5. The mind and body are interconnected and intertwined in health. 

A mental issue may be a physical issue and physical issues may cause mental emotional issues.  For example, depression can be due to a lack of thyroid hormone, and constantly sacrificing yourself for others can cause hypothyroidism.  Mind you it’s not that simple of a cause-effect, but they can contribute.  We exist as complex weave of physical and metaphysical forces – hence our symptoms cannot be addressed in isolation.  That’s one of the core concepts that I love about Naturopathic Medicine – everything is connected.  As Naturopaths we ask about everything.  And many times I’ll hear… “well this may not be related…..”… it is! If you are experiencing it, then it’s related!  If you create one effect it will cause a ripple effect in the entire body.  Hence why drinking more water may alleviate headaches in one and constipation in another.  Simple intervention may have dramatic effects in many different ways.  It’s all connected and it all matters.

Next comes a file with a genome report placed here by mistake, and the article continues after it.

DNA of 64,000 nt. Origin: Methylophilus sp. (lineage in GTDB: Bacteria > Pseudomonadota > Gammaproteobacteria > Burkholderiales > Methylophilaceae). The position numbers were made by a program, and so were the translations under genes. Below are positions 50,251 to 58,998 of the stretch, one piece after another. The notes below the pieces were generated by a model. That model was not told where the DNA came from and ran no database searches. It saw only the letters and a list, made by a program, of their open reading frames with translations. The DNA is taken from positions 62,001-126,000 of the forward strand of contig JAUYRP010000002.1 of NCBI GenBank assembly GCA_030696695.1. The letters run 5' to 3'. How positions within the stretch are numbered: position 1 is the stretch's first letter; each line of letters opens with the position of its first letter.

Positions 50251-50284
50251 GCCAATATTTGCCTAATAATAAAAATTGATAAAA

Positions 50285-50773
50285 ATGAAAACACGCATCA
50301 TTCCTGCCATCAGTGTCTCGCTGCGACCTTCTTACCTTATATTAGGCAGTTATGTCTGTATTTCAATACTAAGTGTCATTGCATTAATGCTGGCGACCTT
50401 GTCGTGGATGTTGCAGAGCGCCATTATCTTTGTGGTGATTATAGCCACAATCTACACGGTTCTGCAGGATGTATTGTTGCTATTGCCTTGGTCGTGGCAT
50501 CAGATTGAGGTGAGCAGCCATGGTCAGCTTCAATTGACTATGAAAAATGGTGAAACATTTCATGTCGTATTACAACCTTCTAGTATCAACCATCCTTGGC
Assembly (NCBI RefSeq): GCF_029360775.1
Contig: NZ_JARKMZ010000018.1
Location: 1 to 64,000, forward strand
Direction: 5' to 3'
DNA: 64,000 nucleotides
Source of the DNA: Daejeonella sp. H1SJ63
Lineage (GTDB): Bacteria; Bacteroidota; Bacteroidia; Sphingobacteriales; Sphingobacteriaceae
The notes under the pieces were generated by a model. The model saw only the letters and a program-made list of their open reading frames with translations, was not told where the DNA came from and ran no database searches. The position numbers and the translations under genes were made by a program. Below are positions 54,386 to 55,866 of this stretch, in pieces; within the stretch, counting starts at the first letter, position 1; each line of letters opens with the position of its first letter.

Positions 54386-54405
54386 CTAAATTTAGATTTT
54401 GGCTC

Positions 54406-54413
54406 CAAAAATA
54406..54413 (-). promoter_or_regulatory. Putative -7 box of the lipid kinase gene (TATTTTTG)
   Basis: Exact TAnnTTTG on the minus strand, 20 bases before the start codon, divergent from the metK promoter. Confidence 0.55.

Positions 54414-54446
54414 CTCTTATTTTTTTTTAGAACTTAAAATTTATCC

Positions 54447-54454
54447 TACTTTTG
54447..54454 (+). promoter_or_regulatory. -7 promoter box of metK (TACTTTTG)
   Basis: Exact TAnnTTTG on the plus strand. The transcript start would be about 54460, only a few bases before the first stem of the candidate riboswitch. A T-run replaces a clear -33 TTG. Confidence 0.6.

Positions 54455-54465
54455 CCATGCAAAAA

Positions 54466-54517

I could write a book on all the things I’ve learned in the past 5 years…..and things I didn’t read in my books or learn in my classes.  It’s been cultivated from experience and being active and engaged in practice.  Some days I wish people could hear what I hear in my walls (not that they will because patient confidentiality of course!), because then they would realize how normal their health concerns are.  We hide our pain and sufferings so well that people believe we are well… and eventually we too begin to believe our own compensations.   It’s ok to not be “ok” and to communicate that with others.  Connecting and being heard is part of being human, and another beginning piece in improving our health.  And even if we believe everything is going great and don’t need help with our health, it’s important to continue to do health check ins to foster that self awareness and encourage personal growth.  Our health is a journey is which we get to learn and grow.